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A) What are some of the strategies you would employ to initiate and facilitate a discussion about the distinction between self-disclosure as a boundary crossing or boundary violation in your treatment team meeting?
-First and foremost, I would ensure that ethics and boundaries are interwoven into every team meeting (i find it helpful to put it on the weekly agenda that is always discussed) so that everyone is comfortable with discussing the concepts and there is not understandable anxiety when the topic is brought up out of the blue.
I find case studies to be a very effective tool and use role playing in this manner to show and discuss some of the differences between crossing and violations
B) Which of the supervisor roles (consultant, advisor, guide, mentor, professional colleague, educator) fits with your values and supervisory style? Which of these stances would you take in the conversation with the team and why? I would say the roles of guide and educator most closely fit with the roles I would take in this context. Guide to help move the conversation to a robust discussion on the topic and ensure that everyone leaves with some concrete tips and ideas. I am also an educator when educating everyone on the different code of ethics and how it applies here.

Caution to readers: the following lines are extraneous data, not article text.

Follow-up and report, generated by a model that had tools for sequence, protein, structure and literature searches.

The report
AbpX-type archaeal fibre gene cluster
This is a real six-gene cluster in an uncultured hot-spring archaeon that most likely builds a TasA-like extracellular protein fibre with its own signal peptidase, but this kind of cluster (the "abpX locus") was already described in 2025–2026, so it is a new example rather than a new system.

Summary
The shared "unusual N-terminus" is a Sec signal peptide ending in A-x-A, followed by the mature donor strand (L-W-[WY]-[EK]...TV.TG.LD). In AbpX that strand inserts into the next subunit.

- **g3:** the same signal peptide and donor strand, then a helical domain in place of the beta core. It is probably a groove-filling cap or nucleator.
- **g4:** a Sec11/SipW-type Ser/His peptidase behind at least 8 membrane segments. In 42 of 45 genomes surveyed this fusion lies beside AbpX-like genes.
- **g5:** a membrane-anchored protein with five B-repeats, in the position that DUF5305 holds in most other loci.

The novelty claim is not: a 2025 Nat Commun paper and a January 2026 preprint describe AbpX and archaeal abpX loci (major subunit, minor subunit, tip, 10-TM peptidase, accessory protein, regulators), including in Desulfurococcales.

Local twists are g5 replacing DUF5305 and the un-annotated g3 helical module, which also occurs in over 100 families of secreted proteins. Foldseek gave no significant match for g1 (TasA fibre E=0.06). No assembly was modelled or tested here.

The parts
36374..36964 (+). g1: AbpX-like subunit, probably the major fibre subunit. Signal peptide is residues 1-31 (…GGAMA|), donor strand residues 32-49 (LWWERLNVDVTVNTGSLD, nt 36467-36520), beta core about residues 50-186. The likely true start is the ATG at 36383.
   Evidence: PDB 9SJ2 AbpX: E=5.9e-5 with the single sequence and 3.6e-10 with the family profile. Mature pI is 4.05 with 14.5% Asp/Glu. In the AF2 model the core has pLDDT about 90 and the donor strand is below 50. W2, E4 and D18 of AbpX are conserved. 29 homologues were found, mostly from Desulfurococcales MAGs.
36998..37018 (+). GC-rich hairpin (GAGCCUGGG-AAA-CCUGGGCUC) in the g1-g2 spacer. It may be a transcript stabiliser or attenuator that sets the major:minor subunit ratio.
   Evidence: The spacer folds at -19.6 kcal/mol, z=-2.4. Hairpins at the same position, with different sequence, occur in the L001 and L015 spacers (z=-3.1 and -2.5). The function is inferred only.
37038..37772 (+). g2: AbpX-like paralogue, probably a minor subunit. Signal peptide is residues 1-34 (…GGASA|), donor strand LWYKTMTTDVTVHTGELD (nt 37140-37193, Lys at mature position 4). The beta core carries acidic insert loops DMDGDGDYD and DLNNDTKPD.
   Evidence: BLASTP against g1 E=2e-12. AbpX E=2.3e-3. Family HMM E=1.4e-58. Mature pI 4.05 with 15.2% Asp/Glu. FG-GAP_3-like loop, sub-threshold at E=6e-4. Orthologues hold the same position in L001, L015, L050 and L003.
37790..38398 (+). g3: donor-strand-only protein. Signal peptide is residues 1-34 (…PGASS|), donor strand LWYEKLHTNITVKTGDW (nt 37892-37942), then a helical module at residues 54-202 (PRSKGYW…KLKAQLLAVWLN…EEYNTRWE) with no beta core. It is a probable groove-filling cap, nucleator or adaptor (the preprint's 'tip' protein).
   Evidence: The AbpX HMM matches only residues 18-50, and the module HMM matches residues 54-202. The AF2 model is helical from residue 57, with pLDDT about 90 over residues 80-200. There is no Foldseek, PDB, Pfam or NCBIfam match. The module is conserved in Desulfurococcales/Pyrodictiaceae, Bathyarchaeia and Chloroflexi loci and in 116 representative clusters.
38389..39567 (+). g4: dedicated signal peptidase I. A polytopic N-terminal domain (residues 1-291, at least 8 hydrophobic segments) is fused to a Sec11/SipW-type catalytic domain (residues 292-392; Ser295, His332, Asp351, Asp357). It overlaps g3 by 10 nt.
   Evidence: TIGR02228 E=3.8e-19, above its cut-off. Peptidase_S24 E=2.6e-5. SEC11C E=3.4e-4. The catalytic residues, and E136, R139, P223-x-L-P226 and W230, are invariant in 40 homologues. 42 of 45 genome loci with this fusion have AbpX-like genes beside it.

Describe 2–3 useful ideas and/or strategies about supervision and ethics that you have learned or been reminded of over the course of the past 5 weeks that you would like to bring back to your colleagues, supervisees, supervisor, administrators, etc. How do you envision integrating these ideas into your work?
Probably the biggest reminder/ take away I am taking from this training has to do with the effects of counter transference not only for the clinicians I supervise but also for myself. As supervisors, I think we too often forget that our own counter transference issues can arise.
Another strategy that I have learned from this training is the importance of educating the other managers that I work with on the concept of vicarious responsibility and this is why clinical supervision needs to be honored as highly as client appointments.